Adams Papers
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From Louisa Catherine Johnson Adams to John Adams, 17 June 1818

Washington 17 June 1818

My Dear John

You tell me that the highest prize in the Lottery is only 5000 dollars therefore you have not purchased my Ticket as I wished to make an experiment of your luck I suppose you think 5000 dollars a paltry prize however I should like you to purchase me a ticket in any of the Lotteries in which you can procure one for $4 and 50 Cents, or 5 which I see advertised in all the Boston papers and beg it may be in one of those which draw the earliest if you can get it at four and a half you may have the remaining half as commission money—

The sentiment of disgust you express at Genl Dearborns attack upon Putnam proceeds from so good and proper a feeling I cannot condemn it—I am only anxious that you should curb the natural warmth of your disposition which for your advantage in the common occurrences of life will require a little restraint—I never believed that Dearborn was a bad hearted man but that his head was decidedly weak I never had a doubt and it was always a matter of astonishment to me that in a Country where men in general can only make their way by the brilliancy or the solidity of their talents that he should ever have been selected to fill offices of any consequence in the Country—But this is not the only instance which I have witnessed of singular appointments and I trust our Country will avoid the serious imputation of a system of favouritism which sooner or later is productive of serious injury to the Government—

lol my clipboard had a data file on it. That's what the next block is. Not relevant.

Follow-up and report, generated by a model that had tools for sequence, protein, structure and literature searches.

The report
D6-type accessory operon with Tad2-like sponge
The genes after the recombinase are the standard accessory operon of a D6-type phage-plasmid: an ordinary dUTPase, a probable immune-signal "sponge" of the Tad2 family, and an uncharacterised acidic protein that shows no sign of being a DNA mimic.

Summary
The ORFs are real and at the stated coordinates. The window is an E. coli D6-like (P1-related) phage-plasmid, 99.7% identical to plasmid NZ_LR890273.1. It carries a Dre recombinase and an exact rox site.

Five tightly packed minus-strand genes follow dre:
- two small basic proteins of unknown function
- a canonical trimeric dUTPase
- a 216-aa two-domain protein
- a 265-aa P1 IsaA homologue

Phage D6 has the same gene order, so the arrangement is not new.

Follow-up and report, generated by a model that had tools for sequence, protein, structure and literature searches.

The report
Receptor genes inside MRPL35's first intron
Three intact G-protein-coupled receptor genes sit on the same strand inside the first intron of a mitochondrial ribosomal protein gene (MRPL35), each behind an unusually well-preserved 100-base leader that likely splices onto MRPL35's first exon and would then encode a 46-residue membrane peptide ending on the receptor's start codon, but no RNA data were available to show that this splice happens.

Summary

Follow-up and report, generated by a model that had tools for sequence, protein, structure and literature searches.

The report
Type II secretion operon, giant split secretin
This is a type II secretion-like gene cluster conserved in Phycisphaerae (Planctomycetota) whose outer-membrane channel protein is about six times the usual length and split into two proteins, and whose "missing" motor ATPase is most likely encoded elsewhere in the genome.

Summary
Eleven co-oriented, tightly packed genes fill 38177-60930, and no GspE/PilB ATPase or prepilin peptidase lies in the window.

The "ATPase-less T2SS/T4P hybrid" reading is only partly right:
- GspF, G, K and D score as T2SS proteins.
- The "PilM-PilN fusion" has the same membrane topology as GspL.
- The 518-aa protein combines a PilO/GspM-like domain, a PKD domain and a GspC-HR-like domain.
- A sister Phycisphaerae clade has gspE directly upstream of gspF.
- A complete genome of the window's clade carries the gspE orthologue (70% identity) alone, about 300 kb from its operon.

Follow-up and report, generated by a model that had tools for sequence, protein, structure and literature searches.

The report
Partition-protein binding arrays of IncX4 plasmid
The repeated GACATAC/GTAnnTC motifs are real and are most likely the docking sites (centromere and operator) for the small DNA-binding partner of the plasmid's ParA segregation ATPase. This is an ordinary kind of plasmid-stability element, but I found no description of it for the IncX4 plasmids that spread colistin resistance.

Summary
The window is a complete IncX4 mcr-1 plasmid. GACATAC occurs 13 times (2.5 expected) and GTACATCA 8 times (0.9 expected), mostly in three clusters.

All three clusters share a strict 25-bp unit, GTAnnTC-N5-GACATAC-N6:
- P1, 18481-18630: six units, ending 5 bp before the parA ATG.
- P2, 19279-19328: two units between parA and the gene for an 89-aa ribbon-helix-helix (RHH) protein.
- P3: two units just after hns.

Superior excellence in any line will always excite feelings of envy and jealousy in little minds and as the larger portion of mankind are not gifted either by nature or education with this superiority; in the very aknowledgement of distinguished merit or abilities they betray an ever watchful suspicion of the object they have raised; ever in the hope of seizing some opportunity to level him to their own standard—and if while living they have failed of success they will as in the present instance try to blast the reputations of those they dared not approach till death had released them from the respect and fear they inspired and which made them sensible their best protection was their insignificancy—and to that let us leave <them> him for like the fable of the Ox and the frog —he may take every possible means to swell himself into a hero till he burst with his own conceit and he will no more compare with Putnam after all his efforts, than the poor frog did to the Ox and ["est’ce assor ma seur"] would be the motto I should recommend for his future publications—

Adieu my Dear Son. I trust in your continued exertions for your improvement to ensure the happiness and felicity of your / Mother

L. C. Adams

MHi: Adams Papers.

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